Henry Louis Gates Jr. Helps Man Find Out if his Great-Grandfather Was Kidnapped From Freedom to Slavery

A book claims that a man’s great-grandfather was abducted as a boy and sold into bondage. Official records back up at least part of the heartbreaking story.

Dear Professor Gates:

I am trying to find the names of the parents of my great-grandfather Lucius Kidd. All I have to go on is a book written by my cousin Dr. Kitty Kidd Robinson titled I Ain’t Mad No More. It tells about Lucius Kidd’s abduction from a creek in Arrington, Va., at age 11 (circa 1853), along with his mother. They were sold on the wholesale slave market in Montgomery, Ala., then transported, separated and sold on the retail market in Columbus, Miss. After the Emancipation Proclamation, my great-grandfather ended up in Tibbee, Miss., where he raised his three sons and died. —Robert L. Kidd

You are very lucky to have, through your cousin’s book, a detailed account of your great-grandfather, since specific records describing the lives of African Americans during enslavement are rare. Reading the pages you sent us, we were left with the impression that at least some of the account is written from family oral history, so we focused on seeing which specific facts we could verify by examining contemporary records. First we located Lucius Kidd with your great-grandmother Priscilla living in Mississippi in 1900, using additional details that you sent us.

What the Book Tells Us

Then we turned to “The Family Tree Withstands All Weather,” the first chapter of I Ain’t Mad No More, which provides very detailed information about the painful childhood of Lucius Kidd, who was abducted, along with his mother, from the Arrington, Va., area when he was only 11 years old. According to the text, Lucius was taken from his father, an African-born man who had been enslaved, but “because of demand and supply of a particular skill level believed to be possessed by him, this father either worked, or bought himself out of slavery.” (Although, given that the African slave trade was banned in 1808, it’s not likely that the father was born on that continent.) The boy was sold to a man described as Master Kidd, who had a plantation in Caledonia, Lowndes County, Miss., for a total of $99 ($11 per pound). Shortly after the sale, Master Kidd gifted Lucius as a wedding present to his son, Alf/Alford Kidd, with whom he remained until he was emancipated in 1865.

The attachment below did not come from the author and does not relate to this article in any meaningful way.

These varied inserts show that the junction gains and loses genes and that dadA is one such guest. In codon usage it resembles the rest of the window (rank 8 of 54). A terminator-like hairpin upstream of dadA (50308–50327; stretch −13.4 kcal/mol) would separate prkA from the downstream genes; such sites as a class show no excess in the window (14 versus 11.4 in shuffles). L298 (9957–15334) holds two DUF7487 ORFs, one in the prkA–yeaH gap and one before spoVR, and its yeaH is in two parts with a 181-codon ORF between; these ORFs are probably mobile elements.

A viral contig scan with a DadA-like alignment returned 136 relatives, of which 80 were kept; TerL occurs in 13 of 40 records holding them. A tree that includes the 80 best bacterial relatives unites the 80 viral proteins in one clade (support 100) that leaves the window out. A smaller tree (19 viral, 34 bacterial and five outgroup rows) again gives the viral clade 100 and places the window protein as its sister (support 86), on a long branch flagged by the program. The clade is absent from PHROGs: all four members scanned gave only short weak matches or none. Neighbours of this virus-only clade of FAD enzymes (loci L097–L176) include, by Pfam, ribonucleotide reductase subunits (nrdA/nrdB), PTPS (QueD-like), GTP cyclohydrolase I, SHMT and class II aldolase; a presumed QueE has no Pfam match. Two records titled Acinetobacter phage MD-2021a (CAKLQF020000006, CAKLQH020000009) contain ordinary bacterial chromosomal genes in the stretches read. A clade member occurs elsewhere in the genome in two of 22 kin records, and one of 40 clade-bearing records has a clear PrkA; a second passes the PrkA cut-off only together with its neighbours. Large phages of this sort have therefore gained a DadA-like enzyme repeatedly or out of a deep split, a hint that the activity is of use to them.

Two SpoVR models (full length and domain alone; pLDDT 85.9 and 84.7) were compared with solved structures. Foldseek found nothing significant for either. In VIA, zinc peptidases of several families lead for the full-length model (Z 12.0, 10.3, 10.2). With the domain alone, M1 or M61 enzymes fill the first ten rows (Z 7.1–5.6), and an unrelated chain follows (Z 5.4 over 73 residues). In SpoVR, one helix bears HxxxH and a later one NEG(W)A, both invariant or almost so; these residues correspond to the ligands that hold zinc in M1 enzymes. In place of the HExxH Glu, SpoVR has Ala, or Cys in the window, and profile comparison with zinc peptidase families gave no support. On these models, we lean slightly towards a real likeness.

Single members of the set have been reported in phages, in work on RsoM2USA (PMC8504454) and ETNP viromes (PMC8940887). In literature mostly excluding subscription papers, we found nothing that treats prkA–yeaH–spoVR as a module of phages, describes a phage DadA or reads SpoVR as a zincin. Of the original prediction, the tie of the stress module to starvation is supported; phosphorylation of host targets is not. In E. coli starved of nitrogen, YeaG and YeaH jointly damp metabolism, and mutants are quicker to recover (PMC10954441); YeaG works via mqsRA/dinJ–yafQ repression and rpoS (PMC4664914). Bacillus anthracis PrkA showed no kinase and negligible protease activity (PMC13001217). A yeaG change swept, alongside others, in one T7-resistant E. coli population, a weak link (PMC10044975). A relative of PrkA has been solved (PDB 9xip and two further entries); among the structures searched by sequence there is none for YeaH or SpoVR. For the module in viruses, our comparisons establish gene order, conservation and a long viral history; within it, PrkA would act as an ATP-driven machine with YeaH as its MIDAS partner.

While the text does not specify whether Lucius and his mother were freeborn, the scenario of free people of color being kidnapped into slavery and sold down South is one Professor Gates has addressed before in this column. It was also chronicled by Solomon Northup, the free black New Yorker whose kidnapping into slavery was publicized in his own narrative 12 Years a Slave, and later depicted in the 2013 film by the same name.

If you want to learn more about this phenomenon, we suggest picking up Northup’s narrative, for which Professor Gates and Kevin Burke have edited a 2016 Norton Critical Edition, as well as the books Freedom at Risk: The Kidnapping of Free Blacks in America, 1780-1865, by Carol Wilson, and Solomon Northup’s Kindred: The Kidnapping of Free Citizens before the Civil War, by David Fiske.

We should also point out that their abduction from Virginia to Mississippi followed a route that was common during the internal slave trade that thrived after the importation of slaves to the U.S. was outlawed in 1808. Professor Gates previously noted in an article for The Root that according to the historian Walter Johnson, “approximately one million enslaved people were relocated from the upper South to the lower South … two thirds of these through … the domestic slave trade” between 1787 and 1861, driven by the cotton industry’s insatiable need for free labor. That forced migration is sometimes known as the Second Middle Passage.

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SOURCE: Henry Louis Gates Jr. and Lindsay Fulton, NEHGS Director of Research Services 
The Root